I used Copernic long before Google came on the scene and was not impressed. I’m not quite fond of the file searching in Windows Vista either: I usually drop down to a command console to do my file searching. However, the text based searching in Windows Vista is awesome. Plug in a keyword and it brings up all of the files, e-mail messages , etc. with that word. What’s so special about Copernic?
9. Explorer keeps losing my view settings. THIS IS DRIVING ME UP THE FARKING WALL! Now, I realize that XP suffers from this problem as well, but it’s never been this bad. There are so many new options that it’s difficult to reset each window’s view every time – including column headers, which are now permanently stuck on “Tags” and “Date Taken” (even though I may not be in a folder with objects supportive of these fields). Yes, I realize this problem stretches back centuries – but it seems to have gotten worse, not better.
Not a Windows Vista issue: I don’t have that issue on any of the PCs I run, whether it be Windows Vista or Windows XP. Now, the idea to remove “Date Modified” from the explorer view was pretty retarded: I’ll give you that. However, I’ve been able to force a view with “Date Modified” for all my folders. In case you didn’t know: setup a view that you like in Windows explorer. Then go to Organize>Folder and Search Options, click on the View tab and then click “Apply to Folders”, then “Yes” to change all the folders to that view. Simple, really.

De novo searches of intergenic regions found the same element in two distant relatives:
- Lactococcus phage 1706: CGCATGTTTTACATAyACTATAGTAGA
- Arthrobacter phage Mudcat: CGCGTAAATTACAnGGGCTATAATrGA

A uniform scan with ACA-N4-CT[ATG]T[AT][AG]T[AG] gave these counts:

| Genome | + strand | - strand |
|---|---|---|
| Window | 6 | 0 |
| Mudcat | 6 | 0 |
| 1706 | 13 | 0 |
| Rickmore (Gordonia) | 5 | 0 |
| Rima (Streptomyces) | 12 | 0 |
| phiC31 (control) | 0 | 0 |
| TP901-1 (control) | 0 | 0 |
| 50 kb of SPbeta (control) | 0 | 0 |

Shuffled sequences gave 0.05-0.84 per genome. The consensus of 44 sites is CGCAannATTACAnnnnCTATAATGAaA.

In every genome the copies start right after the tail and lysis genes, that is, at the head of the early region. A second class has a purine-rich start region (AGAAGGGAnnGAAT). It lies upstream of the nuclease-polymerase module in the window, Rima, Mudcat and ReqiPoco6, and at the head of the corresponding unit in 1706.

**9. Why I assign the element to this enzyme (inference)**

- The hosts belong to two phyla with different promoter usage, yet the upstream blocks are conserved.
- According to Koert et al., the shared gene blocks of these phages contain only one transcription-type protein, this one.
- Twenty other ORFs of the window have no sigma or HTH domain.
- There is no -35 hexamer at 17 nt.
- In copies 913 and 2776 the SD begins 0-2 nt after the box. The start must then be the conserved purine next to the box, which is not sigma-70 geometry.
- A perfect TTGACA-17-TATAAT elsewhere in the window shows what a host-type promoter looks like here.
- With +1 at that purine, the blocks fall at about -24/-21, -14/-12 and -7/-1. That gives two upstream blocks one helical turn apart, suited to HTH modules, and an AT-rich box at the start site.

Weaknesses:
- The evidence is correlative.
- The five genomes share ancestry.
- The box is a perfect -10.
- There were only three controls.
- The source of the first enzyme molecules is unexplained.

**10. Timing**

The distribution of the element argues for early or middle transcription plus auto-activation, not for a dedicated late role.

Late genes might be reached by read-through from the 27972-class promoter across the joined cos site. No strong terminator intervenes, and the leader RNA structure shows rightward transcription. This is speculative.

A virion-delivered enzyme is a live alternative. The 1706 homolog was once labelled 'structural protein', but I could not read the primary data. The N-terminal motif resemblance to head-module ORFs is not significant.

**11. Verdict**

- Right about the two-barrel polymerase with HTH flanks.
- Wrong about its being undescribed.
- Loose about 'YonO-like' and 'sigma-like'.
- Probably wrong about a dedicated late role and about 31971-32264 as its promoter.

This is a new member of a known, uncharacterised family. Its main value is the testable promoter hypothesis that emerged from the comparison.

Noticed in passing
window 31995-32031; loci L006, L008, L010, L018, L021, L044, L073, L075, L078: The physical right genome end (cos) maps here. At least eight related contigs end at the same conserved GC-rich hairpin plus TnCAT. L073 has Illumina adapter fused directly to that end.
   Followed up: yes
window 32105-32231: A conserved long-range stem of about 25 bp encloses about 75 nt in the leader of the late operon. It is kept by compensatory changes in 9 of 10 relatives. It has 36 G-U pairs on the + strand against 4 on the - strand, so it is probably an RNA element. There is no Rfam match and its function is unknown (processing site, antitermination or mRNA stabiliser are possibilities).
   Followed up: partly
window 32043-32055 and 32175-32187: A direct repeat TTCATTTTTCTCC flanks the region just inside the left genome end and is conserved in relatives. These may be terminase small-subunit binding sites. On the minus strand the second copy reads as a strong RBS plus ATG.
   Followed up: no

10. My workaday software still seems to suffer from weird quirks now and again. I really don’t have the time or patience to wait for each developer to catch up just so I can go on living my life. All these little annoyances are starting to add up to one major headache. Instead of detailing each one separately (and extending this list exponentially), I’m just wrapping all of ‘em together into one point.
So your point is that you are using software by companies that are not interested in supporting their product for Windows Vista, so dump Windows Vista? Your headline is just an attention grabber: every operating system release is going to have issues with older software and hardware, especially with system specific software like disk defraggers, antivirus, video, etc. Of course you’ll need to work through these issues.